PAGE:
Problems related to the use of machine translation

It is often forgotten that machine translation assumes that the source text is of impeccable quality. Anyone with experience in the translation industry knows this does not happen often. Bad grammar, spelling errors, missing words, incomplete sentences, they occur very often. A translator can spot and correct these errors and still produce a great translation. Unless of course, unqualified translators are hired to try and correct a machine translation at a very low price; resulting in chaos.

We have not even touched on differentiations, subtleties, sarcasm, idiomatic expressions, ambiguities, puns, word colouring, tone… all of which you will find in texts on a daily basis, but which machine translation cannot handle, and never will be able to handle. Language is simply too complex.

There is also a cultural aspect. There are countries where badly translated texts are easily accepted. However, in countries such as Canada, Switzerland and, of course, Belgium the population is less tolerant. Badly written documents are a disaster to a company’s image. Machine translation is not that different.

Three factors

In the translation industry there is a standard that says there are three factors in a translation: quick, cheap, and good quality.
Two of those factors can be offered, but never the three factors together. That is also valid for machine translation: it is quick, it is cheap, but it is not good.
Whoever tries to convince you of the contrary, is selling marketing gibberish that you quickly regret listening to.

Apart from the quality issue, there are other considerations that need to be taken into account when dealing with machine translation. Think about confidentiality. What happens to your documents that are translated by a translation agency with machine translation? You have absolutely no idea nor control. That does not mean that your documents are being distributed, but the risk is much greater than with a professional translator who works ‘serverless’ on his or her own computer.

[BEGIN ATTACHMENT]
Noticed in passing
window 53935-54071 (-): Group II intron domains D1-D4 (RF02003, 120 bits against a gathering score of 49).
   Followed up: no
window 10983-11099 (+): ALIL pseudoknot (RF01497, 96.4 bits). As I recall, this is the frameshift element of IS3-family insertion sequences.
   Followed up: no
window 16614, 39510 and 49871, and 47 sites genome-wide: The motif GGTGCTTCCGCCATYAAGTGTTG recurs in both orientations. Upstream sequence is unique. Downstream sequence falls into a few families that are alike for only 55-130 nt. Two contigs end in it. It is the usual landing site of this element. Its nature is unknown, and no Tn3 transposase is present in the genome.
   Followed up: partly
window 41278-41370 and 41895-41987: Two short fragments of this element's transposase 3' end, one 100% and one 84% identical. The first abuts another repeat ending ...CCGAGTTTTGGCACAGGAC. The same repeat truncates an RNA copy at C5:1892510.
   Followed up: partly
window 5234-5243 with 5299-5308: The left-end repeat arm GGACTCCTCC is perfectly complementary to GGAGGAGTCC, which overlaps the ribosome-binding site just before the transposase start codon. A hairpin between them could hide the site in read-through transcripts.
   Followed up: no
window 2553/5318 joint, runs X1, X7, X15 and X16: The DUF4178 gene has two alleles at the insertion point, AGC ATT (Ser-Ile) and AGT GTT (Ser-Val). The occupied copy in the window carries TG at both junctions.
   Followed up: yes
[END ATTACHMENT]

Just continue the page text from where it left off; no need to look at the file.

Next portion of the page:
Companies using their own database but also external services such as Google Translate, not only receive information from those external services but also send information to them. Confidentiality is not always guaranteed!


When a company receives a translation that was produced using machine translation, does it have a copyright to the translation? Copyright is only applicable if the work is the result of a creative effort and is an original work. In the case of machine translation, there is no creative effort, let alone an original work. Therefore, there is no copyright.

A company that uses machine translation has no legal ground to prosecute people who use the machine translated texts without credit or permission.

I am painting things in black and white here. Then again, whoever is thinking of using machine translation should take all of this information into account.


If you want a high-quality translation, you can only contact a professional translator. Quality costs money and time.

Machine translation can, at best, lead to ‘understandable’ translations. It is the end customer’s responsibility to determine what factor is of paramount importance: on the one hand, there is speed and price and on the other hand, there is professional quality.

Machines translate words, translators and interpreters translate language.